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23rd April 2014 - Last real observing of the season and some thoughts


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Giving the season one last go I took my 6" for a spin tonight. Now the nights are starting to get too bright up here since the sun barely sets beneath the horizon before starting up again. Capitalizing on cloud-free skies around midnight I loaded the "ol' beast" EQ6 in the car and drove to the golf-course a few km outside of town.

At the location setup and PA was smooth. Conditions were both good and bad. I had LP to the south and east and a slight hint of sun-glow in the north. Transparency was superb, seeing was sh***y. I suspect that the ground had retained a lot of heat from the sun now that we're getting significantly warmer spring weather each day.

I started out with Jupiter. All 4 moons clearly visble, and faint cloudbands. Bad seeing. Went over to Mars, my prime target for the evening. Never had a real chance to look at this bad boy in a scope before, and I wanted to get some quality time before the end of this good mars-season. Unfortunately the planet was pretty low so the whole view rippled and smeared. Undecided if I was any detail, I think I might have caught a glimpse of Syrtis Major (more sure of this when I looked at a map of mars at home). Went back later in the session and I'm pretty sure I got a hint of detail. However I think it was almost too bright. Do people use some kind of filter to view Mars?

Next stop: Messiers! One of my favorite Hubble Objects first, the Sombrero Galaxy, M104. Well, I might have seen the lane or I might not have. No idea. I did see a smudge with some hints of irregularites but she was too close to the horizon, shrouded in LP from Stockholm. Globulars were next on the menu. M3, M13 and M92. Never had a good look in a scope, even if I've picked them out in a bino before. They all split nicely into many many faint stars. M81 & 82 with a hint of the wedge in the middle of the Cigar-galaxy. Last stop M51 Whirlpool Galaxy, no real hints of spiral structure but definetly two different smudges next to eachother.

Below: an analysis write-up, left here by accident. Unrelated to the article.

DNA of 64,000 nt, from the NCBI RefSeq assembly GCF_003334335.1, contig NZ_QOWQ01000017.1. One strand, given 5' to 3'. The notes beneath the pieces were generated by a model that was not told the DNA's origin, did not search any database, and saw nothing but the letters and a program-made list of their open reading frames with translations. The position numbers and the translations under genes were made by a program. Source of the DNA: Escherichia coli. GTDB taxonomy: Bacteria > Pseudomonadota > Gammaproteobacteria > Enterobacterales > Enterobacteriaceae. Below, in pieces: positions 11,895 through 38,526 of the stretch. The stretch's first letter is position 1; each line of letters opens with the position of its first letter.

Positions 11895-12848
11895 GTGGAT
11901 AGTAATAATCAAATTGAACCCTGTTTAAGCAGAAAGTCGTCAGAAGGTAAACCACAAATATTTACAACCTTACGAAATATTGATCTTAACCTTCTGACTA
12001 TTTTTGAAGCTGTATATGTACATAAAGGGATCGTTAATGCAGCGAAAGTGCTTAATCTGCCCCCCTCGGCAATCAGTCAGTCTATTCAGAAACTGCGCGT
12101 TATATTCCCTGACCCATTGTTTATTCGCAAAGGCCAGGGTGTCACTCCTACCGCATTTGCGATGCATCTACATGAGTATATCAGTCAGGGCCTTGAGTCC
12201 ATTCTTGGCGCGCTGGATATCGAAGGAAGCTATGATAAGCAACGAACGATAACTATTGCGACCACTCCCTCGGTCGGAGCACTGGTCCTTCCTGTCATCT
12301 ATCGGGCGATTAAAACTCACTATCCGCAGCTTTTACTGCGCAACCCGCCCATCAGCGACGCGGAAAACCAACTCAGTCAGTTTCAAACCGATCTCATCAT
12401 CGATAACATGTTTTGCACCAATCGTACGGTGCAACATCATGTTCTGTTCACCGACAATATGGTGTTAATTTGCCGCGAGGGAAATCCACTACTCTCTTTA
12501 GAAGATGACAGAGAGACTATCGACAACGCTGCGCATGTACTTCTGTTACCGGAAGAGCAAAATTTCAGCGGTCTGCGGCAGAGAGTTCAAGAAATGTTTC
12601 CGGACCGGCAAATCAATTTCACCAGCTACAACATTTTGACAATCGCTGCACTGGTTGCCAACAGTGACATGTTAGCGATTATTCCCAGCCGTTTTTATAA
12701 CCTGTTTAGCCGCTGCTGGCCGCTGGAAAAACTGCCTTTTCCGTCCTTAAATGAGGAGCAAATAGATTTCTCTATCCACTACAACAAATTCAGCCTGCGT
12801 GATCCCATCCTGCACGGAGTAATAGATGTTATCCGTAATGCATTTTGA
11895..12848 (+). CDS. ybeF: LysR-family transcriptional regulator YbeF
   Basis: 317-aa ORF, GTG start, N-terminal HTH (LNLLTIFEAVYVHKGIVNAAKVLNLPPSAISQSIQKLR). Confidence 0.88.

Some random thoughts while pondering this last season:

*Visual aperture-fever setting in. However I think I'll start by getting a lighter rig for quick sessons (maybe getting the ST102/Az3 combo since I'm also looking at a guidescope) . Lugging around the EQ-6 is not fun by any means, which brings me to the next point...

*Probably casting a concrete pier at the astro-society's dark site. In practice this would enable me to just bring my scope and camera in the car and have a polar-aligned EQ-6 ready to go 45-minutes drive from home.

*If I get a pier with the EQ-6 permanently mounted (locking her under a rugged box like many friends in the club) I could start spending time taking image data instead of wasting time setting up half the evening.

*Thinking about getting a guidescope and guidecam (ST102 with Synguider, prefer to keep the gear light and not rushing ahead with laptops and CCD's).

*Time to get that coma corrector and a second hand Astromodded DSLR.

*Maybe time to ditch the 6" newt for a larger visual scope and a smaller frac for photography?

Anyway, the season was meager but ended pretty good. Time to consider next seasons upgrades.

Cheers.

Edited by VigdisVZ
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Great report Carl, though sorry to hear you are forced to pack up so early for the summer!

Aperture fever is definitely getting to me, mainly driven by PI and deep sky visual. Cant decide between a C11 or a big newt with cradle and dob mount options. Either way I will need to get a bigger mount, so not a cheap upgrade :p

typed on my mobile with Tapatalk

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Thanks for posting.

Intersting to read and consider the problems of living in white nights.

Do they long winter nights make any compensation if they are clear?

Yeah by comparison the winter nights are exteremly long and dark. Still susceptible to bad weather however, like this whole season...

Great report Carl, though sorry to hear you are forced to pack up so early for the summer!

Aperture fever is definitely getting to me, mainly driven by PI and deep sky visual. Cant decide between a C11 or a big newt with cradle and dob mount options. Either way I will need to get a bigger mount, so not a cheap upgrade :p

typed on my mobile with Tapatalk

Summers serve to reinvigorate your for next season, so thats something :) Are you going for a NEQ-6 or even bigger Jake?

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Cheers Carl - undecided on the mount, though it will be an EQ6 at a minimum, perhaps the AZ-EQ6 or CGEM-DX.    I expect it will be a case of what's available on the second hand market.     I'd like something capable of swinging a 10-12" newt or the C11 for visual and planetary, and guideing something more modest for deepsky.

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Regarding Mars being to bright: I have found that a light yellow planetary filter really helps. Without the yellow filter, I can barely make out any detail, on most nights. I put the yellow filter on and the detail seems to pop out at me.

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